See the real you: quiz yourself
Credit: stevendepolo
Picture this. Your classmate asks you whether you have done your homework. "Just shut up!" you retort. She is stunned because she did not expect you to reply so angrily. You are even more surprised than she is because you are not usually so rude to anyone.

When something like this happens, you have a great opportunity to do some soul searching. To soul search means to take an honest look at your thoughts and feelings. And, one way to do that is to ask yourself questions.

An imaginary example
In a way, it is like doing a quiz where you are the tester as well as the answerer. Try using multiple-choice questions where the choices are all the possibilities you can think of.

1. Why did I say "Just shut up" to my classmate?
 I do not like her.
 I was tired.
 I hate homework.

Let's say you pick "I do not like her". Then, you would ask the next question.

2. Why do I not like her?
 She speaks well.
 She is pretty.
 She gets higher marks than I do.

For the second question, you may realise that all the answers apply. In which case, your answers to the second question might point to one startling possibility: that you are jealous of this classmate. No way, you say. But then, what if it is true?

If you do not ask yourself such questions, you might never realise the real reason for your rudeness. Now, you can think hard about what you may want to do about your feelings of jealousy. Even if you do nothing about it, simply putting a label on your feelings helps you to get a better grip of what is going on.

Whenever, wherever
The example above is about a sudden blurting of rude words. You do not have to wait for something so dramatic to happen before you ask yourself what is going on in your head and your heart. When you are sad, anxious, angry, frightened or just about at any other time, ask why you feel the way you do.

At the other extreme, it is good to ask what is making you feel happy, peaceful, contented or excited as well.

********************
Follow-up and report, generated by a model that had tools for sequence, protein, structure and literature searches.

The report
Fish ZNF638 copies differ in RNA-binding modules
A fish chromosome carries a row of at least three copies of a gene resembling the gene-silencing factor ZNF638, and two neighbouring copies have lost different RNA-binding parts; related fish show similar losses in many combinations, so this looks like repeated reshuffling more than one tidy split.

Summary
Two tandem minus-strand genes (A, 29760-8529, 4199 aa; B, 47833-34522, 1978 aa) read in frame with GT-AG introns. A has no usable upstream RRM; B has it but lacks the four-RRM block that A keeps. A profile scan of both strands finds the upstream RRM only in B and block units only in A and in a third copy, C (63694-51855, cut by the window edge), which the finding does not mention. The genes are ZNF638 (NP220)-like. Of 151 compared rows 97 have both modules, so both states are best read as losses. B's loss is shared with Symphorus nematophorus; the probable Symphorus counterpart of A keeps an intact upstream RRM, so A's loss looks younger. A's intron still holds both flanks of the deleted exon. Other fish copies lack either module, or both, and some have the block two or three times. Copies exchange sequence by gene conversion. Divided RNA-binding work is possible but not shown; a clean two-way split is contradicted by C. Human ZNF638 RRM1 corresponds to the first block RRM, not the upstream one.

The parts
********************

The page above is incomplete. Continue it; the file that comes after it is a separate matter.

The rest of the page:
People tend to pay more attention to times when things go wrong. To get a more balanced view of yourself, you need to examine the good times, too. Then, you would be able to figure out your personal formula for feeling wonderful.

The questions you ask do not have to be in the multiple-choice format that our example uses. Your questions can be open ended. For instance, you can ask questions such as "What made me do this?", "Why did I say that?", "How do I feel?" and so on. You may ask them right away or later. You may even want to keep a journal for your questions and answers.

Making time to ask questions
A student's life can get pretty hectic. At school, there are classes, co-curricular activities, community involvement projects, fun stuff with friends and all kinds of other activities going on. At home, time with your family and homework take up time as well. Kids sometimes feel they have no time to think. This is why you cannot leave it to chance - you have to set aside about 15 minutes a day for your soul searching.

Some people do it while on the bus or train home. Others prefer to do it just before they go to sleep. Try out a variety of times and then pick a slot that seems to work for you. Then, focus on what is happening: ask questions about the good times and the not-so-good times, the highs and the lows, of your day.

When asking yourself questions becomes a habit, it will become a natural part of you. Then, your answers will keep you in tune with your real self every day.